This study aimed to assess the efficacy of adjunctive coenzyme Q10 (CoQ10) in the treatment of elderly CAP.

3. Patients and Methods


3.1. Patients

This study recruited its participants from patients referring prospectively at the infectious diseases ward of Valiasr Hospital, a general teaching hospital in Arak City of Iran from August 2012 to September 2013. Patients with the following criteria were enrolled: signed written informed consent; having clinical symptoms suggestive of CAP such as cough (with or without sputum), fever (> 38.5°C), pleuritic chest pain or dyspnea, new consolidations on chest radiograph; aged 60 years or older. Patients were excluded from the study having the following criteria: presence of severe immunosuppression (HIV infection, use of immune-suppressants), malignancy, taking antibiotics before hospital admission for more than 24 hours, use of corticosteroids for any reason, other concurrent infections, obstruction pneumonia (e.g. because of lung cancer), pneumonia that developed within two weeks after hospital discharge, use of CoQ10 within 1 month before study entry , hypersensitivity to CoQ10, taking drugs or compounds with anticoagulants or antioxidants such as warfarin, vitamin C, vitamin E, or vitamin A, as well as indications that patients were unable to follow the protocol.


3.2. Study Design

We designed a clinical randomized placebo-controlled trial in elderly hospitalized patients with CAP. Primary outcomes were clinical cure at days 3 and 7. Secondary outcomes were clinical cure at Day 14, length of stay, time to clinical stability, defervescence, and serum C-reactive protein (CRP). Participants were assigned using computer-generated randomization to receive either CoQ10 or placebo. Those randomized to placebo received matching inactive tablets administered in a dosing regimen identical to the active treatment. Both CoQ10 and placebo capsules were identical in appearance. All laboratory tests were measured in one laboratory with the same personnel and calibrated equipment and all clinical signs and symptoms were measured by one person. The study was carried out in accordance with the Helsinki declaration. Written informed consent was obtained in all cases from patients. The study was approved by the Medical Ethics Committee of our institution. The trial has also been registered with www.irct.ir (IRCT201305159855N3).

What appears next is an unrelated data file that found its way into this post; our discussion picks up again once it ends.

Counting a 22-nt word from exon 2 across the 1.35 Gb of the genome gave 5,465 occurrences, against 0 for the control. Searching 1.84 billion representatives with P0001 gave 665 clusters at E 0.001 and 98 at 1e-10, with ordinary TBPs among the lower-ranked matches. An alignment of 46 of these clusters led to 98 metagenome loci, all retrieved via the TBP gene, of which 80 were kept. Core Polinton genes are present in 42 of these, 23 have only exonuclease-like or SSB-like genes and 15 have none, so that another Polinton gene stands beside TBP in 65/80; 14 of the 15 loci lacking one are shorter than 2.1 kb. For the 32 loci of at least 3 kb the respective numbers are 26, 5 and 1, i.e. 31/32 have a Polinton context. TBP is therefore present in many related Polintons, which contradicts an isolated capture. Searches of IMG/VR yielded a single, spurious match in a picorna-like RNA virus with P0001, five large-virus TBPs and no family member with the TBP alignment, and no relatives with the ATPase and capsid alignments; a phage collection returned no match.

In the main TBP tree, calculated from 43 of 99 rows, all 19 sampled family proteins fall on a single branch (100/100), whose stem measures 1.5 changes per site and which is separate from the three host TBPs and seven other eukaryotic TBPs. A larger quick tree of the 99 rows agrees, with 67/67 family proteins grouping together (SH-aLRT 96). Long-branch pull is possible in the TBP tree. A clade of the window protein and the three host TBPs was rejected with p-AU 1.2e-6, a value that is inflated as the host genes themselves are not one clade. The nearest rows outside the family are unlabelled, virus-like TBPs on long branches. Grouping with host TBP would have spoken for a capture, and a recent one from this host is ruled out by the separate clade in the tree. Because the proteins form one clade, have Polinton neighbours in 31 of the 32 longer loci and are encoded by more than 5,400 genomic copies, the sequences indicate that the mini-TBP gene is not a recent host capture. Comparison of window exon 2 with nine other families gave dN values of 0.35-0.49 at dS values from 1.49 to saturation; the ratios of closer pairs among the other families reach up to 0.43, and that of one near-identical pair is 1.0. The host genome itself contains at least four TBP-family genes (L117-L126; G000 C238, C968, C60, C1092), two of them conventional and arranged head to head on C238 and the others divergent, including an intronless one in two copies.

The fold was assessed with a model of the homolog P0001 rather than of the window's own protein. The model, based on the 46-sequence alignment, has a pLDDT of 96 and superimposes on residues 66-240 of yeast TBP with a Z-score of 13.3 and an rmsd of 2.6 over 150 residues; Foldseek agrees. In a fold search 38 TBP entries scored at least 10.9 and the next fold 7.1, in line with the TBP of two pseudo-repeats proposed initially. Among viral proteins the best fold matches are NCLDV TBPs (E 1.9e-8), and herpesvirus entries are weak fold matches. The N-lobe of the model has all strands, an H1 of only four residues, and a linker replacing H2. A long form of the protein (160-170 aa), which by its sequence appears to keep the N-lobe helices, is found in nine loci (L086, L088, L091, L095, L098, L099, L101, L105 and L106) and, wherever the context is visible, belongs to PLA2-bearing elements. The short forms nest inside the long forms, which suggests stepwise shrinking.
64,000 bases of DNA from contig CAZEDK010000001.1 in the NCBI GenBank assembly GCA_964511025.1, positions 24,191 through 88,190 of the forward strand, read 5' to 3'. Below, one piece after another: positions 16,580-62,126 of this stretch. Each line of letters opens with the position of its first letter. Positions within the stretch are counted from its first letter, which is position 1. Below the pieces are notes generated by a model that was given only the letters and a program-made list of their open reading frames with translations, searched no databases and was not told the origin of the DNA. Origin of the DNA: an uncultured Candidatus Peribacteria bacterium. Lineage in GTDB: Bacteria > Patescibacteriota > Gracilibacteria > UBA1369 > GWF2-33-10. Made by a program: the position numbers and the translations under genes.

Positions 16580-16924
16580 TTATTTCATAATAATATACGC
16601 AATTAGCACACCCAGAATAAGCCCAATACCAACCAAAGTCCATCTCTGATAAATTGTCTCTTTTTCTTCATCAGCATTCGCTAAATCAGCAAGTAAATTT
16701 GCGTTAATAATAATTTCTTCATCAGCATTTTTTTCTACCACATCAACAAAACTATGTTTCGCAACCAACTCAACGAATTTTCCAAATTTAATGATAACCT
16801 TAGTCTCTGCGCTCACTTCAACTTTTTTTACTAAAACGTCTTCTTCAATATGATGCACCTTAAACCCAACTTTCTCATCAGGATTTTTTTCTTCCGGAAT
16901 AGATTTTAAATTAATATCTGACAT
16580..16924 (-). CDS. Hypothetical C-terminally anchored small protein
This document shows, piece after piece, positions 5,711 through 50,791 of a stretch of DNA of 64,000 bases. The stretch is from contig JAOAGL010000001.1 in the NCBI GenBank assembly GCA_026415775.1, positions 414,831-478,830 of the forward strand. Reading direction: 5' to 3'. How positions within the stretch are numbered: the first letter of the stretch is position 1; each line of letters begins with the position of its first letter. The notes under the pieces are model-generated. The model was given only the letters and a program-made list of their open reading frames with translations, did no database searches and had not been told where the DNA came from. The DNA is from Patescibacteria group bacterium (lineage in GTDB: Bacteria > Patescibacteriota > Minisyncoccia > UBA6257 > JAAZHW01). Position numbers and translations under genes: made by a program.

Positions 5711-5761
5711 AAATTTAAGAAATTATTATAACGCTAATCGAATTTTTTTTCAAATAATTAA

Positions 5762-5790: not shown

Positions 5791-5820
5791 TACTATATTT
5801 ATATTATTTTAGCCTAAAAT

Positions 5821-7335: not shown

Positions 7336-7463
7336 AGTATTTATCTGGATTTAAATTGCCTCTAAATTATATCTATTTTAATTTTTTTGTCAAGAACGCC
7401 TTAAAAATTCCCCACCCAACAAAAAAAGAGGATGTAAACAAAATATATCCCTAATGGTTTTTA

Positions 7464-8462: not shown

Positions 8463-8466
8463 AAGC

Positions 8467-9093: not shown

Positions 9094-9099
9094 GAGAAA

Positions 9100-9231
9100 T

3.3. Treatment and Outcomes

All patients were treated with antibiotics according to the latest recommendations of the Infectious Diseases Society of America (IDSA) and the American Thoracic Society (ATS) guidelines [1]. In general, patients were treated with ceftriaxone plus azithromycin. Patients received 100 mg of CoQ10 (Capsule 100 mg, Product of Nutri Century, Canada) twice daily or placebo for a total of 14 days. The selected antimicrobial regimen should not be changed during this time unless progressive deterioration was noted or initial microbiologic studies dictated so. The duration of antibiotic treatment was dictated by the patient's response to therapy with a recommended minimum duration of 7-day therapy and all patients were followed for 30 days. Most patients treated with 7-10 days of antibiotic treatment, although longer courses may be necessary in patients with complications or certain pathogens such as Pseudomonas aeruginosa.